Would an Olympic athlete or a team rather finish second or third?

A silver performance is obviously higher than bronze but a closer look reveals that a 3rd place finish can be more rewarding than a second.

Someone coined the phrase as unfair as it may seem that second place is the first loser.

In an interview with the Washington Post Tom Gilovich, who is a professor of psychology at Cornell University said “If you win a silver, it is very difficult to not think, ‘Boy, if I had just gone a little faster at the end. The bronze-medal winners–some of them might think, ‘Boy, I might not have gotten a medal at all!'”

Peter McGraw is a behavioral scientist at the University of Colorado-Boulder.

He has a theory why athletes can be more fulfilled with third than second.

“People have a tendency to compare their state of the world and what happens to them with what could have been. The term for that is counterfactual thinking,” McGraw said.

The ultimate goal at the Olympics is obvious, to win gold.

Most athletes never experience that golden moment but often they dream of a podium finish.

Depending on the circumstances third place can have more psychological benefits than second.

Let’s take women’s softball in Tokyo as an example.

Team Canada, ranked third in the world, won the bronze in a thriller after a 3-2 victory over Mexico in its final game.

It was the first time Canada won a medal in softball at an Olympic Games.

Even though they went just 3-and-2 in the round-robin, (with the two losses against Japan and the USA), the Canadian team ended with extreme happiness on a high, achieving its goal of reaching the podium.

The Americans got the higher medal, a silver, but left Japan on a losing note, dropping the final to the host country 2-0.

With the USA losing its last game, it means many of its players felt sadness, disappointment, and frustration in not winning the big one.

The wait will be long for a rematch on this stage as softball will not be back at the 2024 Paris Olympics.

Most of the players on the USA team likely will not be in the lineup should softball return for the 2028 LA Olympics.

It may sound harsh, but being the runner-up can haunt many athletes the rest of their lives especially if they have never won gold.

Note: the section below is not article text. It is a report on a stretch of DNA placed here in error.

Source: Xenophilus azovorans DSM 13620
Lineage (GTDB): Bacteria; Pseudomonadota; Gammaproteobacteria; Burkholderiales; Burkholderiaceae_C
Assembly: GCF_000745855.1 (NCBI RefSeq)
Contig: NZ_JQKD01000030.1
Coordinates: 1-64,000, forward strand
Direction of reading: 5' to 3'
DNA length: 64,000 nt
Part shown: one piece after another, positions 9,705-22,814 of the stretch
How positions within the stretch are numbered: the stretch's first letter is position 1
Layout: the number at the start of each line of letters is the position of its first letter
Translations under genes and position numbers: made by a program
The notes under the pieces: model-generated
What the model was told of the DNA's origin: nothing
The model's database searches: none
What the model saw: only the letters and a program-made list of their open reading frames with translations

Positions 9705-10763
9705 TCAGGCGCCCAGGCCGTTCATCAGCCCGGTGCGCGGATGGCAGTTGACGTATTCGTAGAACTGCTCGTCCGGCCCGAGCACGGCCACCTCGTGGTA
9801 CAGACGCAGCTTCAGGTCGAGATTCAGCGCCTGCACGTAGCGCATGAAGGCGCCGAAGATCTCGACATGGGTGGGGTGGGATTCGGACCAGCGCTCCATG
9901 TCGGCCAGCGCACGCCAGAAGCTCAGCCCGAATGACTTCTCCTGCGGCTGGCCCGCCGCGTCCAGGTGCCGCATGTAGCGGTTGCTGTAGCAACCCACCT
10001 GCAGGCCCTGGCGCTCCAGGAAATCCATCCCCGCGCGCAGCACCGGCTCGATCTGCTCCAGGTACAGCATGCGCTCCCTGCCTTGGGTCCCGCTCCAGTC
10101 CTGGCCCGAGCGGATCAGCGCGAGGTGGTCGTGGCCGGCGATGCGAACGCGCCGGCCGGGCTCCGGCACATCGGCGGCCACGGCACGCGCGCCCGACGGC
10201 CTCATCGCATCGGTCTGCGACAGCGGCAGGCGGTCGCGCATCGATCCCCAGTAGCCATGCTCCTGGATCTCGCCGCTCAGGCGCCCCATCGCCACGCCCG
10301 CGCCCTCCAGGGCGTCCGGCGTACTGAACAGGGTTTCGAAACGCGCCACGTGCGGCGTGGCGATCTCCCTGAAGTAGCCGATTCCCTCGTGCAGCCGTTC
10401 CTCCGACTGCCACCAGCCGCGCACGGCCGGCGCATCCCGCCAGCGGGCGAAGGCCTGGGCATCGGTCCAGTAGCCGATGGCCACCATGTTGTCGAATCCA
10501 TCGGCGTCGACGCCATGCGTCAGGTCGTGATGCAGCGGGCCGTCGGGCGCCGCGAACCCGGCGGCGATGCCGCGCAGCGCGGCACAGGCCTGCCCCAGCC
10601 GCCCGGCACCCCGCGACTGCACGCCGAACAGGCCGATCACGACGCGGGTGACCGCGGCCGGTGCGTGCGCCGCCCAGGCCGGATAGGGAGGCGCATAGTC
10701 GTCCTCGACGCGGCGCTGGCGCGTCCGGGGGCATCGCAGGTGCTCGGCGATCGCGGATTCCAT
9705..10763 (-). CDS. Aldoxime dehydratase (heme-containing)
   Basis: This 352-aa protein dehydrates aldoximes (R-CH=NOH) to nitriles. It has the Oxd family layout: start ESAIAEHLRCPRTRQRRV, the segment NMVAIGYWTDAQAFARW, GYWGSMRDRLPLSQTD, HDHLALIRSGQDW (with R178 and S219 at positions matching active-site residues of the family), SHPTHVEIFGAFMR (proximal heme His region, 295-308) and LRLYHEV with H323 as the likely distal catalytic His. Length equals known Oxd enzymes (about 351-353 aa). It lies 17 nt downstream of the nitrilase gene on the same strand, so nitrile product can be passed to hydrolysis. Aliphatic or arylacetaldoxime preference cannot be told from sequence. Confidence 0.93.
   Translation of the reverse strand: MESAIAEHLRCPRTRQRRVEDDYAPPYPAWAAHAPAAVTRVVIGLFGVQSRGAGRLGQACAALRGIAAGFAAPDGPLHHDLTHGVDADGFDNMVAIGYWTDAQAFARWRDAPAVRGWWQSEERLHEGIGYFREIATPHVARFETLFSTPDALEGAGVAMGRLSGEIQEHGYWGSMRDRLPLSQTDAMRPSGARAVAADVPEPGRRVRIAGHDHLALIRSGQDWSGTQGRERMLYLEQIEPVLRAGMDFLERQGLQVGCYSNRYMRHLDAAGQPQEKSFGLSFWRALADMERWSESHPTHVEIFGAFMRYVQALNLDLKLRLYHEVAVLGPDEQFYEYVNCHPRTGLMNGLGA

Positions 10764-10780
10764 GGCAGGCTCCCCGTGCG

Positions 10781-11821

Individually, Canadian Laurence Vincent-Lapointe was thrilled to capture silver in the women’s 200m canoe sprint race but another Canadian, swimmer Penny Oleksiak, was just as happy to win an individual bronze (200 m freestyle) and a team bronze (women’s 4x100m medley relay team).

Having won a total of seven medals (one gold, two silver, and four bronze) at the Summer Olympics, the 21-year-old Oleksiak is Canada’s most decorated Olympian.

Does it matter that more than half of her hard-earned medals are bronze?  Of course, not.

Canadian women judo athletes, Catherine Beauchemin-Pinard (under-63 kilogram division) and Jessica Klimkait (under-57 kilogram category) may have lost their semifinals but were all smiles winning their last match to take bronze and end on a positive note.

A 4th place showing at an Olympic level could arguably be the most difficult to comprehend even if an athlete sets a personal best.

There is pressure on athletes to perform but none more than they put on themselves.

Setting a personal best is a superb accomplishment and a realistic goal, however, expectations can often be higher.

Even though gold is the best of the best, one could argue that some Olympic results come with a silver lining.


Taking Note:


Los Angeles Dodgers, after trading for Max Scherzer, aren’t satisfied with a payroll approaching $300 million & have a deal with 2008 World Series MVP Cole Hamels. What’s next? Discussions with Curt Schilling?

*Comedy writer Janice Hough of Palo Alto, California www.leftcoastsportsbabe.com

The only way the new nickname for the Cleveland baseball team could be any worse is if it were the Cleveland Guardians of Akron.

*Contributor Bill Littlejohn of South Lake Tahoe, California

The Vancouver-based sci-fi show Continuum was a time-travel series that originated in the year 2077. Or 110 years after the Toronto Maple Leafs last Stanley Cup.

*Western Canadian comedy writer RJ Currie www.Sportsdeke.com

Hartley Miller is the news and sports director/supervisor plus morning news anchor for 94.3 the GOAT and Country 97fm. He also is the radio color commentator for P.G. Cougars’ home games.
Hartley has been on the Prince George airwaves since 1979 and is the author of You Don’t Say (sports quotes).
His column appears Fridays on myprincegeorgenow.com.
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